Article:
The current ratio is calculated because the investor wants to know how liquid a firm is. It is one of the liquidity ratios that are easy to calculate. And it also gives a quick idea about the liquidity of the company.
To calculate current ratio, all we need are current assets and current liabilities.
Current assets include assets that can be liquidated within a year from now. If an asset can’t be liquidated within a year, it wouldn’t come under current assets.
It is similar with current liabilities. If the liability can’t be paid off within one year, we can’t consider it under current liabilities.
|Current Assets||Current Liabilities|
|Cash & cash equivalents||Accounts Payable|
|Accounts receivable, or trade receivables||Accrued Compensation|
|Notes receivable maturing within one year||Other accrued expenses|
|Other receivables||Accrued Income Taxes|
|Inventory of raw materials, WIP, finished goods||Short Term notes|
|Office supplies||Current Portion of Long term debt|
Use of Current Ratio Formula
Why is this ratio called a liquidity ratio? It’s because it has two components in its – current assets and current liabilities.
Through this ratio, we look at whether the firm has enough current assets to pay off its current liabilities. It means if we liquidate all of the current assets of the company, whether the company would have enough cash to pay off its current liabilities. Therefore, if a company has more current assets and less current liabilities, it is a great position for a company to be in, in terms of liquidity.
As an investor, you don’t know whether the company has enough current assets to pay off its current liabilities. That’s why you need to use this ratio. And once the investor finds out the this ratio of the company, she needs to go ahead and look at this ratio of similar companies under the same industry. And then she would check whether the current ratio of the target company is appropriate.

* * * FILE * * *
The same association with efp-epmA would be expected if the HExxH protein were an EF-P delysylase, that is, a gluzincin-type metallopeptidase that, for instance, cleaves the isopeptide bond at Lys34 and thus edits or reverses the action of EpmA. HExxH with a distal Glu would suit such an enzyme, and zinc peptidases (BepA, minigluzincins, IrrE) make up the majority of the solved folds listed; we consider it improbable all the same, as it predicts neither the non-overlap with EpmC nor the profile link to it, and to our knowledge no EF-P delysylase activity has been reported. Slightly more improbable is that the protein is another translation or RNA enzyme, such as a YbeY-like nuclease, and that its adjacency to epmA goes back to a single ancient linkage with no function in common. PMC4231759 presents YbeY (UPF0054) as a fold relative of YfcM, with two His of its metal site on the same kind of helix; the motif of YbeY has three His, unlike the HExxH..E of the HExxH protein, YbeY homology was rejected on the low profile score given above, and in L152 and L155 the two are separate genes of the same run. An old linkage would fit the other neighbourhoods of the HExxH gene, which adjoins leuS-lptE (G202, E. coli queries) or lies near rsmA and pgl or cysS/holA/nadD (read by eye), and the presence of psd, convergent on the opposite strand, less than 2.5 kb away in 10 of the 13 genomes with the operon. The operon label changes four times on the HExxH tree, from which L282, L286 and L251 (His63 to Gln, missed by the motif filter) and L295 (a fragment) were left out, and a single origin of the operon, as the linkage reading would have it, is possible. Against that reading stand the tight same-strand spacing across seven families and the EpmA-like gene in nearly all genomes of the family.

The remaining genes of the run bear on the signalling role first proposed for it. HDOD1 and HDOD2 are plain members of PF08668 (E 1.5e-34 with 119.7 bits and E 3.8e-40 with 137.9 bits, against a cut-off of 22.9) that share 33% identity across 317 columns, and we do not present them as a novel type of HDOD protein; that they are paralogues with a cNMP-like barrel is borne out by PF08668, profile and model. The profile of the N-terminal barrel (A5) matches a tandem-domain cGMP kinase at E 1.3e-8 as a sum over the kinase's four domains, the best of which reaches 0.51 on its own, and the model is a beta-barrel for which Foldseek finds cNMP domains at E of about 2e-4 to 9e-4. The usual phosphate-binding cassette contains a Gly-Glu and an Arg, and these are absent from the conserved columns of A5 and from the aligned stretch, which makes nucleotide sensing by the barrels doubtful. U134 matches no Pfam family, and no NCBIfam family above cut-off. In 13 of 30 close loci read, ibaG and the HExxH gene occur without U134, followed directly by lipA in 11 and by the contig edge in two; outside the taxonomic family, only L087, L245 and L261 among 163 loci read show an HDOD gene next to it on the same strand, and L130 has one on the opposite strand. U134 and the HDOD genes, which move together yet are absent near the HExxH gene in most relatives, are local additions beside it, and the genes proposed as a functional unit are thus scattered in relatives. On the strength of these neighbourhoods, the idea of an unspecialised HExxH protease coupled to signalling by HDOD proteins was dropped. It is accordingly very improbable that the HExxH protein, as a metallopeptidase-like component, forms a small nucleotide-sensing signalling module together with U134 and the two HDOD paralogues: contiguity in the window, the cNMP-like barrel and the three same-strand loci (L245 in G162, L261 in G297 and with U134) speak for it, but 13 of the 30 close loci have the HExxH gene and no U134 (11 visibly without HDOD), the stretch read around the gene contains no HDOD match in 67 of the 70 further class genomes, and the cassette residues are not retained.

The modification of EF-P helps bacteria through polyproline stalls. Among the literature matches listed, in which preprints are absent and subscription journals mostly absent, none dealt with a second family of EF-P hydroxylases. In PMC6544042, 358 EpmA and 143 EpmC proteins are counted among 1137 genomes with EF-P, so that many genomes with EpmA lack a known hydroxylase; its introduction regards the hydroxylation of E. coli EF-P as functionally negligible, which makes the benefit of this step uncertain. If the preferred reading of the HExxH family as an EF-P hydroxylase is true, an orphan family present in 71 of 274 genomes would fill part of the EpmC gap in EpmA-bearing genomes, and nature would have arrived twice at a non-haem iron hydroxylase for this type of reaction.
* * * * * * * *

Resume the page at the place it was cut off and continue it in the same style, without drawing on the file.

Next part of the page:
For current ratio example, if Company A is the investor’s target company, she will first look at the current ratio of Company A (let’s say 3). And then she will look at the this ratio of other companies under similar industry to check whether the this ratio of the target company in the desired range.
Current Ratio Calculator
You can use the following Current Ratio Calculator
|Current Ratio Formula =||
Current Ratio Formula in Excel (with excel template)
Let us now do the same current ratio example above in Excel. This is very simple. You need to provide the two inputs of Current Assets and Current Liabilities.
You can easily calculate the ratio in the template provided. Now, we will find out the total of current assets and current liabilities with the formula of current ratio.
Now to find the ratio of given Company, we will use the following current ratio formula.
You can download this Current ratio template here – Current Ratio Excel Template
This has been a guide to Current Ratio Formula, practical Current Ratio example, and Current Ratio calculator along with excel templates. You may also have a look at these articles below to learn more about Financial Analysis –